A French judge has ordered Continental Airlines and five people to stand trial for manslaughter in connection with the 2000 crash of a Concorde jet that killed 113 people, a prosecutor said.
Two of those to be tried are employees of the US carrier, the prosecutor's office in the Paris suburb of Pontoise said in a statement on Thursday.
Two others were employed by Aerospatiale, the maker of Concorde and the precursor of plane-maker Airbus. One is an employee of the French civil aviation authority.
The Air France Concorde crashed shortly after takeoff from Paris' Charles de Gaulle airport in July 2000, killing 113 people.
French investigators blamed the crash on a titanium strip left on the runway by a Continental Airlines DC-10.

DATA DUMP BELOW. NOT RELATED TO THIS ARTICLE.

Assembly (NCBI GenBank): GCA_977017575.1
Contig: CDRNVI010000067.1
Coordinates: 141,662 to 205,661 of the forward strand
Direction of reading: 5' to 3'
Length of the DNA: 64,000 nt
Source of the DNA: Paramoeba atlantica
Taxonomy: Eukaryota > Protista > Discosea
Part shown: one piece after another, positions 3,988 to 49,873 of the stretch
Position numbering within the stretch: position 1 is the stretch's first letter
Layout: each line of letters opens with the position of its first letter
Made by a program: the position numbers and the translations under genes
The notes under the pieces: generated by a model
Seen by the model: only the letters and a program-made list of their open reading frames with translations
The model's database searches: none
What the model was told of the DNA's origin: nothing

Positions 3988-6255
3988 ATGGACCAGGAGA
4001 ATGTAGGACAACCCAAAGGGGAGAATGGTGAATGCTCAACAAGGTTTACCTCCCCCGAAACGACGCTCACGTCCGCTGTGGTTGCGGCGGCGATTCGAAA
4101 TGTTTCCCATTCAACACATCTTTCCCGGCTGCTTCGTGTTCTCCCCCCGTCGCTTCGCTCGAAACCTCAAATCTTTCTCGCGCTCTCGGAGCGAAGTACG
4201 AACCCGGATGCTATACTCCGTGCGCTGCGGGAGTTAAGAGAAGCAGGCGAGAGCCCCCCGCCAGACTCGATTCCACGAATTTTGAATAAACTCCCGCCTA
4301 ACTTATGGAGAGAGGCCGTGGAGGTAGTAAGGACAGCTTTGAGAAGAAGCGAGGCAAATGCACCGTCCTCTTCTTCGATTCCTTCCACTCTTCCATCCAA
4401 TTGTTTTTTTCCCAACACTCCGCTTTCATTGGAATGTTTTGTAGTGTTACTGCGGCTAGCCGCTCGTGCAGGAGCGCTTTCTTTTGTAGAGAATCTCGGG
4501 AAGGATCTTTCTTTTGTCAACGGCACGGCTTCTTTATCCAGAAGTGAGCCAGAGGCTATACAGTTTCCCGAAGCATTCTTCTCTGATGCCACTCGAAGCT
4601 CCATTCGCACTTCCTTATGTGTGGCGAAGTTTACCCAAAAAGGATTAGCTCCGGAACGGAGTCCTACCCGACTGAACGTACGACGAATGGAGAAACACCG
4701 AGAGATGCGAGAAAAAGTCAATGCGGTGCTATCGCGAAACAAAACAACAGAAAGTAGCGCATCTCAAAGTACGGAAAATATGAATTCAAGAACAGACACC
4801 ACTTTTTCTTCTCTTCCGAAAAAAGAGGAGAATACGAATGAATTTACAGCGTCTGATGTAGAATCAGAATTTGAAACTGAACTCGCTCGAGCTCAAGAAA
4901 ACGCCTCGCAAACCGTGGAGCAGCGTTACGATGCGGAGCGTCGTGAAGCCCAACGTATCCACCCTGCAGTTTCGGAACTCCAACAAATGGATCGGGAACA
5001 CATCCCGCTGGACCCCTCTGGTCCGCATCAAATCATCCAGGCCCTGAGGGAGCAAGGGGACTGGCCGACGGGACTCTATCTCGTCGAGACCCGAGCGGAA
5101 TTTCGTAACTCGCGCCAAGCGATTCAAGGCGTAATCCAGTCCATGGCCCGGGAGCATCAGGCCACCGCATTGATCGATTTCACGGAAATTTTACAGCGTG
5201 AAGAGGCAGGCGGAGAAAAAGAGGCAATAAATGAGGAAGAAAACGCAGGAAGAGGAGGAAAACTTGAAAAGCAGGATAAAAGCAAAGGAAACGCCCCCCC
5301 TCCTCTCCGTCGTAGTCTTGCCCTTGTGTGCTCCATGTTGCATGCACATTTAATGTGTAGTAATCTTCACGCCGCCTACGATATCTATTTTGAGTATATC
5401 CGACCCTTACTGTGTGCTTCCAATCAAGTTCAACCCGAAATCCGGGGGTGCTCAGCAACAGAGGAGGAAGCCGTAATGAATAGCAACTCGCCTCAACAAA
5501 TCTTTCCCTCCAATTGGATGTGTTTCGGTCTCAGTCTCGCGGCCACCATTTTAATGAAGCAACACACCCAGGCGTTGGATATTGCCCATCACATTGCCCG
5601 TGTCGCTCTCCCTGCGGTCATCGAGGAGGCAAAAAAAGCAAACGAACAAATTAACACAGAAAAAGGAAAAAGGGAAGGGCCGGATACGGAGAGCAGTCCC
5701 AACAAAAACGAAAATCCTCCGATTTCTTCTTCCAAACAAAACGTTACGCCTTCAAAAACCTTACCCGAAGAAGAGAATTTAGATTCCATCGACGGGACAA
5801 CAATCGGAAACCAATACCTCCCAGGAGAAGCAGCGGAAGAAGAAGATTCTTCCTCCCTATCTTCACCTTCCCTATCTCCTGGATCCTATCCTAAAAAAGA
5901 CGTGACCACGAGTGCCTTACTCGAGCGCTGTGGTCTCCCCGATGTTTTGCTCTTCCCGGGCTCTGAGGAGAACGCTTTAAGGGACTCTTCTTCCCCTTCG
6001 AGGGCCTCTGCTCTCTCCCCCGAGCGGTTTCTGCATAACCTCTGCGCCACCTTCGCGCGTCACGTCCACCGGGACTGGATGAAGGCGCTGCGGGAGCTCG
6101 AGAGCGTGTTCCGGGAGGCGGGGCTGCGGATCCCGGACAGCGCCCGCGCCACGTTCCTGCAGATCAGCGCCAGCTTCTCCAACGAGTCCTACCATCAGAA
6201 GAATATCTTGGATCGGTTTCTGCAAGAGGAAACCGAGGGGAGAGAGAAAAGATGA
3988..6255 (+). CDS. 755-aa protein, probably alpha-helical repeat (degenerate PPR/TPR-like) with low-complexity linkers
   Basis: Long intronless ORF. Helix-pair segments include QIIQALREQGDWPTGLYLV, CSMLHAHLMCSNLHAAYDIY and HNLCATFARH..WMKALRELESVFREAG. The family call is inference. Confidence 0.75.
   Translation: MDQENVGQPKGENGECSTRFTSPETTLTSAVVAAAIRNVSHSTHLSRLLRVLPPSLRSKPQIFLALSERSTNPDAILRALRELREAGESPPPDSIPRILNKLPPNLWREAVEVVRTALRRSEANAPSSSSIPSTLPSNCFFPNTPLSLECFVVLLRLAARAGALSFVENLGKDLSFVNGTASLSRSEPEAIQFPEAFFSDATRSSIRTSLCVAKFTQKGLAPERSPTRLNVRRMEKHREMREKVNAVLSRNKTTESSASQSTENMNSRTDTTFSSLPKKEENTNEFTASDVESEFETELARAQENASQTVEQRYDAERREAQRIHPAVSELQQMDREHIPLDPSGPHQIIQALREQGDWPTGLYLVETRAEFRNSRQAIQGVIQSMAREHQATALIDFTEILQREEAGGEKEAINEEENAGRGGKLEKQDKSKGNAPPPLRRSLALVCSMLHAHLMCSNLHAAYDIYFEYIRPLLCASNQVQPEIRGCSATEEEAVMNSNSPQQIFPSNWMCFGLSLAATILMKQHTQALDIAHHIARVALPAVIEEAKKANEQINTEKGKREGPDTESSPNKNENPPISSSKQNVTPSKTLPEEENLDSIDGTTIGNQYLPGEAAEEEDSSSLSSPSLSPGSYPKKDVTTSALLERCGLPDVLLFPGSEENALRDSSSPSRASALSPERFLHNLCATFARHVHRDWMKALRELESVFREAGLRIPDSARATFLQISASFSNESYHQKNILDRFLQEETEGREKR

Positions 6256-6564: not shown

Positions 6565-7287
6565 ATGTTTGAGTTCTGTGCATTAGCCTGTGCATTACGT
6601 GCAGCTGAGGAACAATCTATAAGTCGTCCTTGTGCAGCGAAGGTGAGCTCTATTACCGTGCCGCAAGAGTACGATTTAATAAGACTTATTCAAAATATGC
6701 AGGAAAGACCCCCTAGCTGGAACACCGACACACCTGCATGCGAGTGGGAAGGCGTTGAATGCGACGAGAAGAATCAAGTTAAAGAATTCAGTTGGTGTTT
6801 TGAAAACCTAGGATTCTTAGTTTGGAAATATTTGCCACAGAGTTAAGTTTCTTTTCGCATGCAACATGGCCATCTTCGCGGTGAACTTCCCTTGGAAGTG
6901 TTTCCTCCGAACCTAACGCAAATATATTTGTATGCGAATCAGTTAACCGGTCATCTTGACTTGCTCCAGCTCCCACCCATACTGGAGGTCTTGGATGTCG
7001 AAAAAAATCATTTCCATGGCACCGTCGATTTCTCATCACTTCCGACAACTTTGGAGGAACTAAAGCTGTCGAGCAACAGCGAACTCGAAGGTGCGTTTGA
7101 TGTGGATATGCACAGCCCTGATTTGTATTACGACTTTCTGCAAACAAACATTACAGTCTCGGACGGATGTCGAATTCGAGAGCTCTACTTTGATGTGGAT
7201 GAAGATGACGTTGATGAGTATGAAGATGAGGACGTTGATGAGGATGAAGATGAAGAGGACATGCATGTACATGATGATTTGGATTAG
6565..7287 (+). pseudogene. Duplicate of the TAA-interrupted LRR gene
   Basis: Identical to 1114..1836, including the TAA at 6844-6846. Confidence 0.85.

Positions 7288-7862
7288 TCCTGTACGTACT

The metal strip caused one of the Concorde's tyres to burst, which sent debris flying and punctured the jet's fuel tanks.
The French judicial inquiry also determined the tanks lacked sufficient protection from shock, and that Concorde's makers had been aware of the problem since 1979.
Continental Airlines, based in Houston, has insisted it was not responsible for the crash.
It was not immediately clear when the trial might open.
The prosecutor said one of the Continental employees had built and installed the metal strip "without respecting the instructions then in effect".
His supervisor must stand trial for validating the replacement, the statement said.
The Aerospatiale employees and the civil aviation official are accused of ignoring a host of problems, including "neglecting the risk of fires" on the supersonic jet, the prosecutor's statement said.
The statement did not name the employees.